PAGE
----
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Powering the Future: Oncor Uses MDM Data to Boost Operations, Customer Satisfaction

Since a Texas utility in the final stages of one of the largest, fastest and most advanced smart meter deployments in the U.S. synced its meter data management system (MDMS) and outage management system (OMS), it has been leveraging billions of pieces of interval data every day to improve outage management customer service.

Oncor, the largest regulated transmission and distribution utility in Texas, has made inroads in leveraging AMI data and proving its value to utilities. It has demonstrated success in using AMI and MDMS in tandem with OMS to improve operational efficiency and the consumer experience.

Smart Texas

Oncor delivers power to some 3 million homes and businesses and operates some 117,000 miles of distribution and transmission line in Texas. As part of its Smart Texas smart grid deployment, Oncor set out in 2008 to merge the functions of multiple information technology systems. The goal was to collect and use 15-minute-interval electricity consumption data.

Since then, Oncor has installed Landis+Gyr smart meters in much of North Texas — most of its customer base. Deployment of smart meters for all Oncor customers was completed by the end of 2012. In 2009, Oncor deployed Gridstream MDM and Gridstream smart meter system. At the same time, the utility deployed Intergraph’s OMS.

“There was a lot of siloed thinking at the time,” said Mark Carpenter, Oncor senior vice president of transmission and distribution system operations and measurement services.

The tools were designed originally for future integration with each other, but they were owned by different internal teams and used independently.

Importance of Integration

The utility recognized the importance of leveraging meter information from its MDMS to augment utility OMS data so it could pinpoint areas with outages more accurately. But with widely varying opinions swirling around the company about the value of AMI data, would Oncor be able to integrate systems and meet its objectives? Oncor’s distribution operators were skeptical. They, like many others in the industry, were under the impression that AMI generated too many false positives. The focus of the integration team was to design a system that would eliminate false positives, optimize the number and quality of alarms, prioritize system messages, and reconcile AMI and OMS data. Working with IBM as system integrator, Oncor developed a plan to link its MDMS and OMS more closely. IBM helped all the players involved understand the commonalities of the systems and establish consistency. The result was a system of systems. Each component was designed to derive valuable data. Now, Oncor dispatchers can use push-reads to validate power restoration after large storms and perform verifications with a single click.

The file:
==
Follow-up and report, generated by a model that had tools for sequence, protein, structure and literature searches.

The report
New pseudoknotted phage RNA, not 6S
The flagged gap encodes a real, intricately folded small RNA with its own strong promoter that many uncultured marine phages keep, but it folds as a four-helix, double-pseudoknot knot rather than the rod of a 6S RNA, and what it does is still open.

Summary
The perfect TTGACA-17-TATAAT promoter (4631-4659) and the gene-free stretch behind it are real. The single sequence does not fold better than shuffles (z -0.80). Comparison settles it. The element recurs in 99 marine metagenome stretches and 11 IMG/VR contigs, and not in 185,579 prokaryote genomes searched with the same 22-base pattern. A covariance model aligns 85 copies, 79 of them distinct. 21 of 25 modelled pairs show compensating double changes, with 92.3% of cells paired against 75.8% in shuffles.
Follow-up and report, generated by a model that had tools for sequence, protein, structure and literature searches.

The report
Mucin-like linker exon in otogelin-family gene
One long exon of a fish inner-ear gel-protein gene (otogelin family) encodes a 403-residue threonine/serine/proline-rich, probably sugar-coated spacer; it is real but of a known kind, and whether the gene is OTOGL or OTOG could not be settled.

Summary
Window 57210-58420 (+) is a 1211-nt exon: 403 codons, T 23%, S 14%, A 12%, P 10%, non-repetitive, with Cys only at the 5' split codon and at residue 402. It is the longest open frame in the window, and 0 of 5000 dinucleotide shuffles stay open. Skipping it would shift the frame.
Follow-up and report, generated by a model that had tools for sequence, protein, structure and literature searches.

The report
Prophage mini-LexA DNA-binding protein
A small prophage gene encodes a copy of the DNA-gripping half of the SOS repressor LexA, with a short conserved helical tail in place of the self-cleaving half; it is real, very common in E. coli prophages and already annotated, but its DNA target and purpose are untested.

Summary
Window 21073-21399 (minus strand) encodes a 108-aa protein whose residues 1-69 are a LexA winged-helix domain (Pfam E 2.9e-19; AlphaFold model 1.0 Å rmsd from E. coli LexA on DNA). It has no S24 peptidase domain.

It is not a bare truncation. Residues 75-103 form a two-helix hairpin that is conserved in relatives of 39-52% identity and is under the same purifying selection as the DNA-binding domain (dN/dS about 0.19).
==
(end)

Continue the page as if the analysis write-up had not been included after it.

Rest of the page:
A New Approach to Outage Management

Between March and April 2012 — within the first six weeks of completion of the system integration project — the AMI system generated more than 1,400 notifications that signaled unusual events at smart meter locations. Of those issues that were outages, more than half were restored before customers reported them. In addition, some notifications identified failing distribution equipment, which provided the utility the opportunity to initiate repairs before an outage occurred. Although 100 percent of these events were validated as actual, only 35 percent resulted in customer calls or complaints. Most of the issues were actual outages, and others were power quality issues created by bad connections or opened neutrals. In many cases, repair technicians had visited the locations of the issues in the past, but had not identified the problem.

Oncor chief operating officer, Jim Greer, called the new approach a game changer.

“In the past, we didn’t know about an outage until a customer reported it,” he said. “Now, we are able to use the information from our advanced meters to diagnose and fix many issues on our system before they cause problems.”

Oncor is beginning to recognize clear patterns in its data that help it address problems before they occur. There is no longer a need to wait until a customer discovers a power outage, so the utility can provide customers with significant improvements in service restoration.


Greer said the progress made by the utility since integrating the two systems is just the beginning of possible efficiencies and service improvements from the use of AMI data.

“Using this new information, we can continue to make adjustments and address issues on our grid, as needed, to ensure that our customers are receiving the quality of service they demand and deserve, and our advanced meters are helping us deliver on that promise,” he said.

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